To be clear, the rules of natural justice are rules of fair play, originally developed by the courts of equity to control the decisions of inferior courts, and then gradually extended, particularly in the 20th century, to apply equally to the decisions of administrative and domestic tribunals and any authority exercising an administrative power that affects a person’s status, rights or liabilities. Any decision reached in contravention of natural justice is void as ultra vires; that is, beyond their powers.

When it comes to natural justice, there are 2 principal rules.

The rules of natural justice set a minimum standard of procedural fairness. In the context of appointing party wall surveyors, the rule of natural justice that surveyors will encounter most regularly is that of bias: it is my understanding that it is not unusual to appoint a family member or employee as one’s party wall surveyor, or for party wall surveyors to appoint close friends as the third surveyor. In order to avoid the potential of an award being deemed void and unenforceable due to a breach of the rules of natural justice, no such appointments should be made if at all avoidable. Appointing owners should select independent surveyors where possible.

There are clear parallels between the duties owed by surveyors to their clients and those other professionals owe their clients. In Barker v Baxendale Walker [2017] EWCA Civ 2056, a Court of Appeal case about a solicitor’s negligence in relation to advice given on a tax avoidance scheme, Lady Justice Asplin stated that the relevant test is whether a reasonably competent solicitor in the defendant firm’s position would have provided a specific warning, given the ‘significant risk’ that the interpretation of the law was wrong and that the structure adopted could be successfully challenged.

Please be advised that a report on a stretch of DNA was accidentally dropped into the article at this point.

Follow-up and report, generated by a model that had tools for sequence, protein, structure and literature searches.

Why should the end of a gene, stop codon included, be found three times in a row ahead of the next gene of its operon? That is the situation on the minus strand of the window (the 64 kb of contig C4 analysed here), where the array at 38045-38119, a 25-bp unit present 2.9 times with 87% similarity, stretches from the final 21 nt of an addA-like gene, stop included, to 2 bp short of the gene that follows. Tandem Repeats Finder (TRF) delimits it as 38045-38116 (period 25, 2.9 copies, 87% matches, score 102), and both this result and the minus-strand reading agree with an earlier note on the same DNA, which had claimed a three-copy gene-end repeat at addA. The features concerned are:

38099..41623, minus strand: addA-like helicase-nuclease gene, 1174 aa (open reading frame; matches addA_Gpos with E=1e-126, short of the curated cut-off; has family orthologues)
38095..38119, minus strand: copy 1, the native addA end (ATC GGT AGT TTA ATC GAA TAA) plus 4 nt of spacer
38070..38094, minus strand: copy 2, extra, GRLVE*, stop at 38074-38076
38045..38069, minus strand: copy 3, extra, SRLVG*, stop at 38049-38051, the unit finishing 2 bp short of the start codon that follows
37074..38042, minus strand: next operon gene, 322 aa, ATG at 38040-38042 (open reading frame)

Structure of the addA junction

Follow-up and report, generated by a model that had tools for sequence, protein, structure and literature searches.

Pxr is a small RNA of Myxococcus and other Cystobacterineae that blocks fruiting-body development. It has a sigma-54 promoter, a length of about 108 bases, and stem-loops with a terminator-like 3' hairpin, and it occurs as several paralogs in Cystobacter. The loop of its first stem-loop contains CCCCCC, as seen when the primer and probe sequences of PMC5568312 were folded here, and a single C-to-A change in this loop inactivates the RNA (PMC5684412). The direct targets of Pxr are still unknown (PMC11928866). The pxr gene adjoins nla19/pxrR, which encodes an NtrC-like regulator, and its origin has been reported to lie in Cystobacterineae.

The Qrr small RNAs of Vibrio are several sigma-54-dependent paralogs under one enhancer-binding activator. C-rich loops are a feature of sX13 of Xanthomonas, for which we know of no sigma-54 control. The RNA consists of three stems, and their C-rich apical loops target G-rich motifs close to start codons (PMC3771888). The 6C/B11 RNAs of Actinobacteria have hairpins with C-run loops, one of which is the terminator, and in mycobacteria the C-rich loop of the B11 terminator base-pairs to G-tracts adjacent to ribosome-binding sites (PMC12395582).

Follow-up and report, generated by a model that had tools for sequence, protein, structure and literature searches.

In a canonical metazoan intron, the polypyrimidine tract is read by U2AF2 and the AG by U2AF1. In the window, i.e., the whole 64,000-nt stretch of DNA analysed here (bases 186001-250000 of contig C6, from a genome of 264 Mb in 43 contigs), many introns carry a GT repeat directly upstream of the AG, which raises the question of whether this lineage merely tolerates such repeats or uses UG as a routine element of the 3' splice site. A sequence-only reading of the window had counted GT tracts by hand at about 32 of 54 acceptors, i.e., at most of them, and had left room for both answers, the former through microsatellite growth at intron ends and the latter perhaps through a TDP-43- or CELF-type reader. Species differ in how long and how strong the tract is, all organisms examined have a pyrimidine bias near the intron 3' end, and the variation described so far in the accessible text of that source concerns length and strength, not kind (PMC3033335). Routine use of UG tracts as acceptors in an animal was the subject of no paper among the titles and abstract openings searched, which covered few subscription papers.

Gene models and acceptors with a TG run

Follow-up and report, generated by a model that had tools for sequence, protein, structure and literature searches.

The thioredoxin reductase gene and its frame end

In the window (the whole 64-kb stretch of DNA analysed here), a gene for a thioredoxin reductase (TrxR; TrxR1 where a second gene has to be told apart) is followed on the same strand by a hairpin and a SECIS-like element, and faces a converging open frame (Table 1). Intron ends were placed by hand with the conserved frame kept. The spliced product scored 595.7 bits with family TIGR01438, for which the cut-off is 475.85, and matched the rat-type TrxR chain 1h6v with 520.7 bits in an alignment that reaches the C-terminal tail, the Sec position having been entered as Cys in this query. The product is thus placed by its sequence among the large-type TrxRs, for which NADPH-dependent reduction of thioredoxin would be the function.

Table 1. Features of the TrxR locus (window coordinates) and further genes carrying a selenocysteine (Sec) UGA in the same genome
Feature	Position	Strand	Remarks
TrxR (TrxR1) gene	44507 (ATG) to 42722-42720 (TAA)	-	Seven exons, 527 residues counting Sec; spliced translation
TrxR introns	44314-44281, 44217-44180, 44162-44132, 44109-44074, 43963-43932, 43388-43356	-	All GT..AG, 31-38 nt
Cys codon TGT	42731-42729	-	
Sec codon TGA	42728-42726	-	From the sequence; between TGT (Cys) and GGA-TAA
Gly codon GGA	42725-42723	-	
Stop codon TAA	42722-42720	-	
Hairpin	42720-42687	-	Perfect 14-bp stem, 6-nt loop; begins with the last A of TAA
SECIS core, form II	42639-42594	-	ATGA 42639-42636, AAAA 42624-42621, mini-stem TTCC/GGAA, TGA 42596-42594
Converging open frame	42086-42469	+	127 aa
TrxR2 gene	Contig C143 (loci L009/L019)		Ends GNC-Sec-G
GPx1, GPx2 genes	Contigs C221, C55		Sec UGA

The Court of Appeal held that, even where a solicitor’s interpretation was likely to be correct, there could still be an obligation to draw to the client’s attention the risk of an alternative interpretation, and that it could be negligent to fail to do so. LJ Asplin stated ‘the lawyer … must evaluate the legal position and determine whether in all of the circumstances [they] should advise [their] client that there is a significant risk that the view that [they have] taken about the substantive matter in question may be wrong’.

This case has particular relevance in the field of party wall law as there are many instances where more than one interpretation might legitimately be taken. In cases where there may be a ‘significant risk’ that the interpretation the party wall surveyor is giving of the law may be wrong, they are under a duty to warn the client about this. If they fail to do so, then they may be acting negligently.

The role of a party wall surveyor is a complicated one. Party wall surveyors should therefore be careful to avoid the potential pitfalls.

Angela Gregson is a partner at Child & Child

Further information

  • This feature is taken from the RICS Property Journal (March/April 2019)
  • Related categories: Surveying party walls